Measuring Suicide Among Patients Addicted To Opioids
Massachusetts, where Ohlman lives, began recognizing that some opioid overdose deaths are suicides in May 2017. The state says confirmed suicides are only about 2 percent of all overdose deaths, but Department of Public Health Commissioner Monica Bharel says it’s very difficult to determine the person’s true intent.
“For one thing, medical examiners use different criteria for whether suicide was involved or not,” Bharel says, and the “tremendous amount of stigma surrounding both overdose deaths and suicide sometimes makes it extremely challenging to piece everything together and figure out unintentional and intentional.”
“[Based on the literature that’s available] it looks like it’s anywhere between 25 and 45 percent of deaths by overdose that may be actual suicides,” says Dr. Maria Oquendo, immediate past president of the American Psychiatric Association.
She points to one study of just prescription opioid overdoses that found 54 percent were unintentional; the rest were either suicide attempts or undetermined.
The opioid epidemic is occurring at the same time suicides have hit a 30-year high, but Oquendo says few doctors look for a connection.
“They are not monitoring it, they are probably not assessing it in the kinds of depths they would need to prevent some of the deaths,” says Oquendo, who chairs the department of psychiatry at the University of Pennsylvania.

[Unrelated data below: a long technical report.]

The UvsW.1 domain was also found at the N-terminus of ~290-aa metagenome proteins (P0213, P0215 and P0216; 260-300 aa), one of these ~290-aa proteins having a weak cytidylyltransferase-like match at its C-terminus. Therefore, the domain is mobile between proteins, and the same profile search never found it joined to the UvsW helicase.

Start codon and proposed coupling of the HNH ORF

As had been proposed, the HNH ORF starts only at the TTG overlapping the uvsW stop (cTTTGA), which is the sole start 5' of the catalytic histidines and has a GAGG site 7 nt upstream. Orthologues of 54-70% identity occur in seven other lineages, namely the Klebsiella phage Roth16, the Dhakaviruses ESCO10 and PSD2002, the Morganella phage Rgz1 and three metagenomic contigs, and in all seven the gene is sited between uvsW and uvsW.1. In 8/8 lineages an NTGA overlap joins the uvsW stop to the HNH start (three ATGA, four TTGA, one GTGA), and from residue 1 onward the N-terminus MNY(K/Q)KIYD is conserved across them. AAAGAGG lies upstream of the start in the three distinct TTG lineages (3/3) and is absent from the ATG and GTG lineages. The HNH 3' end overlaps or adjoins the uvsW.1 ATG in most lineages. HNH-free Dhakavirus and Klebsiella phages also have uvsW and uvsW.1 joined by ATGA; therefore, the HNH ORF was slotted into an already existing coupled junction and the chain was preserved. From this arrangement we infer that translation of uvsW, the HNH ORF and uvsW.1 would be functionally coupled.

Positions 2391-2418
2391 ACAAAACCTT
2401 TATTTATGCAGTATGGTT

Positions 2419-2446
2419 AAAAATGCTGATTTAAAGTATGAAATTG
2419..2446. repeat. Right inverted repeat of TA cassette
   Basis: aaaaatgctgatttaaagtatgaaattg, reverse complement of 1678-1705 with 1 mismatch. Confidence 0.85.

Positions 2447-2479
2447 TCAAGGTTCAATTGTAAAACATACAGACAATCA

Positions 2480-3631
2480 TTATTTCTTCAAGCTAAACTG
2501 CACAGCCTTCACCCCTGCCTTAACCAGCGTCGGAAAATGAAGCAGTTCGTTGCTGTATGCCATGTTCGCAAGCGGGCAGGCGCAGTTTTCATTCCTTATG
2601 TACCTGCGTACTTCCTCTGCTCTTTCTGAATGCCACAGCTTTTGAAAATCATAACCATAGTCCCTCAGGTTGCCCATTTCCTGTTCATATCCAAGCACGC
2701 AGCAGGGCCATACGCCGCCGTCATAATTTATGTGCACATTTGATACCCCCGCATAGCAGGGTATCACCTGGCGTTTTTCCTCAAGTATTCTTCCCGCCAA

In our modern world so infatuated with metrics, if such events are not counted and measured, in some way quantified, categorized (even wrongly), and broadcast, they remain invisible to policymakers.
Heroin overdoses had been receiving little attention for decades until PROP started adding them to prescription opioid overdoses and broadcasting this frighteningly large new number.
It makes no sense to conflate these 2 groups:
- patients taking prescription opioid medication to relieve pain
- people injecting themselves with illicit opioid powders
But that’s what PROP did and now, even though prescriptions numbers have been going down, injected illicit opioid overdoses are increasing.
‘Deaths Of Despair’
When doctors do look deeper into the reasons patients addicted to opioids become suicidal, some economists say they’ll find deep reservoirs of depression and pain.
Princeton economists Sir Angus Deaton and Anne Case tracked falling marriages rates, the loss of stable middle-class jobs and rising rates of self-reported pain in a seminal paper. The authors say opioid overdoses, suicides and diseases related to alcoholism are all often “deaths of despair.”
Original article: Suicide Emerges In Understanding The Opioid Epidemic